New cold smoke generator designed in the UK

Postby wheels » Mon Sep 26, 2011 1:51 pm

Mmm...

Looks good so far.

Phil :D
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Postby danw » Wed Nov 09, 2011 10:13 pm

NCPaul wrote:Has anyone used the ProQ to smoke grain to be used in making beer? I may give this a try in the future and if there is a problem with this I'd rather avoid it. :D


A very late reply to this one....

When I worked as a smoker a local brewer brought in a sack of malted barley to try smoking. I found it very difficult to get the malt to take the smoke. From what I recall, leaving it for 12 hours had little impact on the flavour. We got there in the end but it was hard work, not least because we couldn't find anything to spread the malt out on!

I suspect that doing small amounts in a small smoker may work better than doing large amounts in a full size kiln.

Traditionally, rauchbeers (sp?) get their smoky taste from when the malted barley is dried. It is dried using a smoky fire and my assumption is that the moisture takes on some of the smoke flavour and that in turn is left when the moisture evaporates. Smoking it when it is dry means that there is little for the smoke to adhere too.
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Postby wheels » Thu Nov 10, 2011 12:29 am

Off Topic. Dan, did you use to write a blog about smoking? A smoker in the Cambridge area?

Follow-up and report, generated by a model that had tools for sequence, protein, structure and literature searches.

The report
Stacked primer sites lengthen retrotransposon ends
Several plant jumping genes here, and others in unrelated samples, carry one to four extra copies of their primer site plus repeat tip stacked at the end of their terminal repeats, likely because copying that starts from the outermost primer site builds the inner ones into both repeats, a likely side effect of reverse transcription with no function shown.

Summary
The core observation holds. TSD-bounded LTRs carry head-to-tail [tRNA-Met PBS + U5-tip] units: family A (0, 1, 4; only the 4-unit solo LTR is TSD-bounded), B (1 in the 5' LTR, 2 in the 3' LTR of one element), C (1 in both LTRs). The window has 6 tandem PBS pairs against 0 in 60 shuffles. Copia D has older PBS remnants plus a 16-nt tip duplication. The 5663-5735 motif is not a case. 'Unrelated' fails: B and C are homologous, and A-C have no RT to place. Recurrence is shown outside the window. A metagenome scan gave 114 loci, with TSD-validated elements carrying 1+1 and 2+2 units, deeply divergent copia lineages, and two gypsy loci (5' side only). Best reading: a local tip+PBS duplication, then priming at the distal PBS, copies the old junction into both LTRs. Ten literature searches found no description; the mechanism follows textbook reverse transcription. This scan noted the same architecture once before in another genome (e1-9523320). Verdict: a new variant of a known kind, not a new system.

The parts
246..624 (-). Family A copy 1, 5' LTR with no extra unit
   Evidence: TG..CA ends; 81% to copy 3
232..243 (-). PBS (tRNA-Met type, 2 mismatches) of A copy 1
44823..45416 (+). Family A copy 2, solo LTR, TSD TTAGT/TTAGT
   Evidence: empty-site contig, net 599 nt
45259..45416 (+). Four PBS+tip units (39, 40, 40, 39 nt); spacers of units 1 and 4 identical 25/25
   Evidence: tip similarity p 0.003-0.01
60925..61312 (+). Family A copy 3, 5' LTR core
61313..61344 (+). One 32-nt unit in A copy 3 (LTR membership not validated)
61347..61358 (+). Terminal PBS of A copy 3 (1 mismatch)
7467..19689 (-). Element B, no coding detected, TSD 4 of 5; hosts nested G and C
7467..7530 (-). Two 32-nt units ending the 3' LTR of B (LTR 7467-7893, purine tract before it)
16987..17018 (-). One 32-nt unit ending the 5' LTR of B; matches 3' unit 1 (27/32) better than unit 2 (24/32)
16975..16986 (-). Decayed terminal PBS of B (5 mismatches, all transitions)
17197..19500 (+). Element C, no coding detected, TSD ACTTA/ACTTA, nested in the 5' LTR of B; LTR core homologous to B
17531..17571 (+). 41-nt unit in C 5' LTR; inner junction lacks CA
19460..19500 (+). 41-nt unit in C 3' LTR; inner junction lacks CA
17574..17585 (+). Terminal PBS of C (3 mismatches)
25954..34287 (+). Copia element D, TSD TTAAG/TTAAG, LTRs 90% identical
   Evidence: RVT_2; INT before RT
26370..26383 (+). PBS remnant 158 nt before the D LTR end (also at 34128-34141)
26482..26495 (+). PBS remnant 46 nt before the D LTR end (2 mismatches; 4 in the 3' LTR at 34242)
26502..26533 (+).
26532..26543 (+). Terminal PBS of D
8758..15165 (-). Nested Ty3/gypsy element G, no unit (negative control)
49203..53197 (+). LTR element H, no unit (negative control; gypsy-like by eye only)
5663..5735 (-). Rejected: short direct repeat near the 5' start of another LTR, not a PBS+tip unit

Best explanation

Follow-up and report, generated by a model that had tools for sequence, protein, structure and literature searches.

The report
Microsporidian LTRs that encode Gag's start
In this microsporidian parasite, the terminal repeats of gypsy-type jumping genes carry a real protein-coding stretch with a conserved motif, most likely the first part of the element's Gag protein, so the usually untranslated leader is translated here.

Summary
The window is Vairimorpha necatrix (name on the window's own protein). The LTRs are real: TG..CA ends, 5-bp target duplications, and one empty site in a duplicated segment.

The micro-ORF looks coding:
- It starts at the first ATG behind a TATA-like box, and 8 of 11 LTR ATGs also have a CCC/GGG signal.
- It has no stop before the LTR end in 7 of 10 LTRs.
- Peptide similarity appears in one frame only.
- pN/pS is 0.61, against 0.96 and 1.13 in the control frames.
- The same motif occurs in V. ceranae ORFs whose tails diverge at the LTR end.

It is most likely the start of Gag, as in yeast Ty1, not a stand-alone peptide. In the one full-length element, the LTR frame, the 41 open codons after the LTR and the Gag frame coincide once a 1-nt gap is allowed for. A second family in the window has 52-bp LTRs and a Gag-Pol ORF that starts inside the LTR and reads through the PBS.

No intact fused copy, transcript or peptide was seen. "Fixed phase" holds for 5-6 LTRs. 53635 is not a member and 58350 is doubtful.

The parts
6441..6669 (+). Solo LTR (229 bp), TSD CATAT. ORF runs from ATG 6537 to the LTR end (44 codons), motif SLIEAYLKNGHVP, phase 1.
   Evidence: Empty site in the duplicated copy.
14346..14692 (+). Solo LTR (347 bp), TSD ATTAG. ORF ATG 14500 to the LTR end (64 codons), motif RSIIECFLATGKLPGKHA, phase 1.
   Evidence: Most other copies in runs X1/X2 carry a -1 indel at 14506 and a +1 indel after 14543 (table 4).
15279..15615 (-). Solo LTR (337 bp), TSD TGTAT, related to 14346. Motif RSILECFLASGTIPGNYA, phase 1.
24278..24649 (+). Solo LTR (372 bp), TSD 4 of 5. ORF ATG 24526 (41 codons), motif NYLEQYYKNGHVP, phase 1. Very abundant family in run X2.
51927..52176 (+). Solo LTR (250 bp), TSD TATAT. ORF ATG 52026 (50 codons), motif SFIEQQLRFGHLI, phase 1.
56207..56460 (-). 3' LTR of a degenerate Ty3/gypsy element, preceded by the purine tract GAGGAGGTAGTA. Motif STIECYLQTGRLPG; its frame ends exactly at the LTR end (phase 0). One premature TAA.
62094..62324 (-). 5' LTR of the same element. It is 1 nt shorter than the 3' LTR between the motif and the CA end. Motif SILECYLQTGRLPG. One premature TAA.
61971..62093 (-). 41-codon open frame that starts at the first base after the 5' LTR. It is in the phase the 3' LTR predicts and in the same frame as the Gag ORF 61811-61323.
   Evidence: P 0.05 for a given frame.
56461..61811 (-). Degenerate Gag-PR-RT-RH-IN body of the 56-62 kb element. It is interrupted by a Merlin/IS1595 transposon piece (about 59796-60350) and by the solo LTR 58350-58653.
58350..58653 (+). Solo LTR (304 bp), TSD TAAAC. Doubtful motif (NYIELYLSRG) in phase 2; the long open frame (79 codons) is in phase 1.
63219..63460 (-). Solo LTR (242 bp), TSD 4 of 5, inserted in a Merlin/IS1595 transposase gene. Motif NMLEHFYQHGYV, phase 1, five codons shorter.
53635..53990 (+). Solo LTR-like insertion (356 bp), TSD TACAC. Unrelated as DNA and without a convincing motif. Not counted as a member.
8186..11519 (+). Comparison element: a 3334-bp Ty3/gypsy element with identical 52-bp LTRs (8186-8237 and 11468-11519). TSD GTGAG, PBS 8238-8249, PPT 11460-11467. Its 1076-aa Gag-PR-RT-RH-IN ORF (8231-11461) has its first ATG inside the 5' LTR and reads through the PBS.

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Postby danw » Thu Nov 10, 2011 9:16 am

wheels wrote:Off Topic. Dan, did you use to write a blog about smoking? A smoker in the Cambridge area?


hi Phil, yes I did: http://www.saltandwoodsmoke.com/

that was me!
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Postby wheels » Thu Nov 10, 2011 3:43 pm

Wow, welcome. I'll no doubt be along to pick your brains in due course! :lol: :lol:

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Postby onewheeler » Thu Nov 10, 2011 5:51 pm

danw wrote:Traditionally, rauchbeers (sp?) get their smoky taste from when the malted barley is dried. It is dried using a smoky fire and my assumption is that the moisture takes on some of the smoke flavour and that in turn is left when the moisture evaporates. Smoking it when it is dry means that there is little for the smoke to adhere too.


For home brewing, one might get a better uptake by smoking crushed malt due to the greater surface area. I assume you were using whole grain malt in your attempts?

Cheers!
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Postby danw » Thu Nov 10, 2011 9:22 pm

wheels wrote:Wow, welcome. I'll no doubt be along to pick your brains in due course! :lol: :lol:

Phil


Phil, feel free to pick my brains though, from what I have read on here so far, there appear to be a lot of people better informed than I am!